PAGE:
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Citibank likely to hive off consumer banking business in India

By Anup Roy
March 08, 2021 12:30 IST
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In India, it is not easy to fight it out with the large banks which are nimble-footed and technology-savvy and are continuously innovating on the retail turf with newer products for customer acquisition.

Citibank NA, the largest foreign bank in India by assets and profits, may close down its consumer banking division.

A Bloomberg report on February 20 says the company is weighing divesting some units in retail banking in the Asia-Pacific region, including those in South Korea, Thailand, the Philippines, and Australia, quoting people familiar with the matter.

 

Though it did not mention India, overseas sources told Business Standard the Indian consumer banking business of the US bank was under scrutiny and could be hived off in coming months.

Reorganising Citigroup Inc’s international consumer operations is on the table of its new chief executive officer (CEO) Jane Fraser, who took charge on March 1.

In an email response to Business Standard’s query over the weekend, Debasis Ghosh, public affairs officer, Citi India cluster, said: “As our incoming CEO Jane Fraser said in January, we are undertaking a dispassionate and thorough review of our strategy, including our mix of businesses and how they fit together.

"As you would expect, many different options are being considered and we will take the right amount of time before making any decisions.”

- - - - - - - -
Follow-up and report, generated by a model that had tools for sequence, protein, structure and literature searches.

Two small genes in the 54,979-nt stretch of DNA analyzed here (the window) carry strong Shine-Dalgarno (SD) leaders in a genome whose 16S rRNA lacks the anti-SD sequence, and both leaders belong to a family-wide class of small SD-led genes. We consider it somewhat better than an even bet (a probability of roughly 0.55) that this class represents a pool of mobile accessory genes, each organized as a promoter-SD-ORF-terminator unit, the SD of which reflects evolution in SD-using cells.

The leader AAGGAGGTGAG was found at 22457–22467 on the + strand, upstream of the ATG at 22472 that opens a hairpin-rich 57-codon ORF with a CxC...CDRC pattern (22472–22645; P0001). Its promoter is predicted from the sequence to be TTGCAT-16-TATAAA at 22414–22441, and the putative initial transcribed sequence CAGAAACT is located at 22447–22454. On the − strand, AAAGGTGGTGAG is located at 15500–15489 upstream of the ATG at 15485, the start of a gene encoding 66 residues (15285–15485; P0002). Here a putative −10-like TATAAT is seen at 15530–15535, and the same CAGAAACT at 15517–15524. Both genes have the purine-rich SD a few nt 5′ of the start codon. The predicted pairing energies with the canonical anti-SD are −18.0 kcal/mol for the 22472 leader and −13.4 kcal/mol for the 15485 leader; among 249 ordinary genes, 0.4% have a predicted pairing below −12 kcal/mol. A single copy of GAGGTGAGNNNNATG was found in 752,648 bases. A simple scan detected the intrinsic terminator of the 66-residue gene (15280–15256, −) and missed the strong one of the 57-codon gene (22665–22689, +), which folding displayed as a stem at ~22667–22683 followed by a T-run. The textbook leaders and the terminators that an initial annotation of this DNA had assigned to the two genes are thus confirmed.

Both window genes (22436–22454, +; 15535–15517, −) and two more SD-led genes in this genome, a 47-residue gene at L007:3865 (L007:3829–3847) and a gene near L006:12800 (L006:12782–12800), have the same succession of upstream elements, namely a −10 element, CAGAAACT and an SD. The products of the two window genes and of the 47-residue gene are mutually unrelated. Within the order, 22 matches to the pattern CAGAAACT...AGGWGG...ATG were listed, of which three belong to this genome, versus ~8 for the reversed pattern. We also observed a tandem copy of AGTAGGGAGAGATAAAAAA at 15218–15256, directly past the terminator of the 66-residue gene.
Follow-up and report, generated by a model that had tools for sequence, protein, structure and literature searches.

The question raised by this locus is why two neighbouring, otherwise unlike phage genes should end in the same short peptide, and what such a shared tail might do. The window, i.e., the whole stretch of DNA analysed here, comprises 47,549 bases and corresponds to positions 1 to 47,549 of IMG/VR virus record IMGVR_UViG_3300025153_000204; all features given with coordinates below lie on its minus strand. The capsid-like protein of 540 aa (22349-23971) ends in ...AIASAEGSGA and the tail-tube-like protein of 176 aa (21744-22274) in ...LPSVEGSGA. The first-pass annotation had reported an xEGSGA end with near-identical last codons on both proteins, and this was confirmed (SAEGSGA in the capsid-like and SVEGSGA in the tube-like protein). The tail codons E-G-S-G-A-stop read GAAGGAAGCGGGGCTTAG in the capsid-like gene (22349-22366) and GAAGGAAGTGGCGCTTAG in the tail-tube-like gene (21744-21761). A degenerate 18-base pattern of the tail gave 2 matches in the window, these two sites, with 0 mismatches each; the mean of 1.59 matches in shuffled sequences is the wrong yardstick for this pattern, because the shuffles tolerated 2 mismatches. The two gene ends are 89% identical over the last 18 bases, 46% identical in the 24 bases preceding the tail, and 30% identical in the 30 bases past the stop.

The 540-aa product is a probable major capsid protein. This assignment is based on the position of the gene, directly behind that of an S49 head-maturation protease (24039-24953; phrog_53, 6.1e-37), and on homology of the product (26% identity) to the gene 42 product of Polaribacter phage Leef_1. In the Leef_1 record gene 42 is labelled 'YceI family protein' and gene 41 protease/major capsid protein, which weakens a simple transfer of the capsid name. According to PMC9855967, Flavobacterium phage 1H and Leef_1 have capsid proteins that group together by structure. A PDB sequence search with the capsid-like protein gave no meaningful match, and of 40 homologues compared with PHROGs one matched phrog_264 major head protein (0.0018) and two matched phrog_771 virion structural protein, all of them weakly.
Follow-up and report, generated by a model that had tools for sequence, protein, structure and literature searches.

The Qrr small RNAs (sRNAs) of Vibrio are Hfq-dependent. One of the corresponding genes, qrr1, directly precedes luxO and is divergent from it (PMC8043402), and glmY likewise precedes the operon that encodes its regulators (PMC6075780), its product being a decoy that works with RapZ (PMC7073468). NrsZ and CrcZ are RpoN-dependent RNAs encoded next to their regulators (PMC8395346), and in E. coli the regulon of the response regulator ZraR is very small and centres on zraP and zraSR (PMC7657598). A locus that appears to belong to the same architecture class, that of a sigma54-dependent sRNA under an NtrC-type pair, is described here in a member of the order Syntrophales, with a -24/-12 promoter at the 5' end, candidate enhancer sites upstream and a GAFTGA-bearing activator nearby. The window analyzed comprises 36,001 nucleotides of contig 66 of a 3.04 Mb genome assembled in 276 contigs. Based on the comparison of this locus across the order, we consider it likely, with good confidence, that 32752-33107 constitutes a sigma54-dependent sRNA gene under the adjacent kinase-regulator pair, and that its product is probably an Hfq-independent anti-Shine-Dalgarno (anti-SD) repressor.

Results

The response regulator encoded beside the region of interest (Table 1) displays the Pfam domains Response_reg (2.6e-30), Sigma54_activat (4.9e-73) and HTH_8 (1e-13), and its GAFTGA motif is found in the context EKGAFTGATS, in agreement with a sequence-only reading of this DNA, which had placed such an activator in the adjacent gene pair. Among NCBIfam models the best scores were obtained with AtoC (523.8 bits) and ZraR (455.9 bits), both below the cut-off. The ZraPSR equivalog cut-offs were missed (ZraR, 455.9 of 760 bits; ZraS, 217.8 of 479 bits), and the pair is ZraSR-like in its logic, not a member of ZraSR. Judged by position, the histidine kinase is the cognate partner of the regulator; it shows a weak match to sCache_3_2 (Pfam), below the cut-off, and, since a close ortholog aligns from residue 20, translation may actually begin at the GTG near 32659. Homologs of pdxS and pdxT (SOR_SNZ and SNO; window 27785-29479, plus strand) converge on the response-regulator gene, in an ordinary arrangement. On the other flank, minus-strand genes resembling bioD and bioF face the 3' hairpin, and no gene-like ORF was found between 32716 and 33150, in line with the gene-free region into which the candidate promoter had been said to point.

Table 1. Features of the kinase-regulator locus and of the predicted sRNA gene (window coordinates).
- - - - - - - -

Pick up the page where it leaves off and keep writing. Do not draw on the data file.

On a conference call with analysts in January, Fraser said: “We’re taking a clinical look at our strategic positioning, assessing which businesses can attain leading market positions in a much more digitalised world.… I believe there is value to unlock by simplifying the firm.”

It is not clear yet if the cards business would also be sold as part of the consumer finance portfolio, or the bank would keep it.

According to sources, the bank is in no hurry and can try all combinations to maximise value.

If it makes sense to keep the cards business, that can be considered, sources said.

Since this is not a distress sale, there will be many takers for Citi’s consumer banking portfolio with the right price, particularly if the credit business becomes a bolt-on sale, says a banking sector analyst in India.

Fraser, the first woman CEO of a major Wall Street bank and is taking the reins from Michael Corbat, headed Citi’s consumer business in her last assignment.

As head of the Latin American business in her previous assignment, she had sold Citi’s retail-banking and credit-card operations in Brazil, Argentina, and Colombia.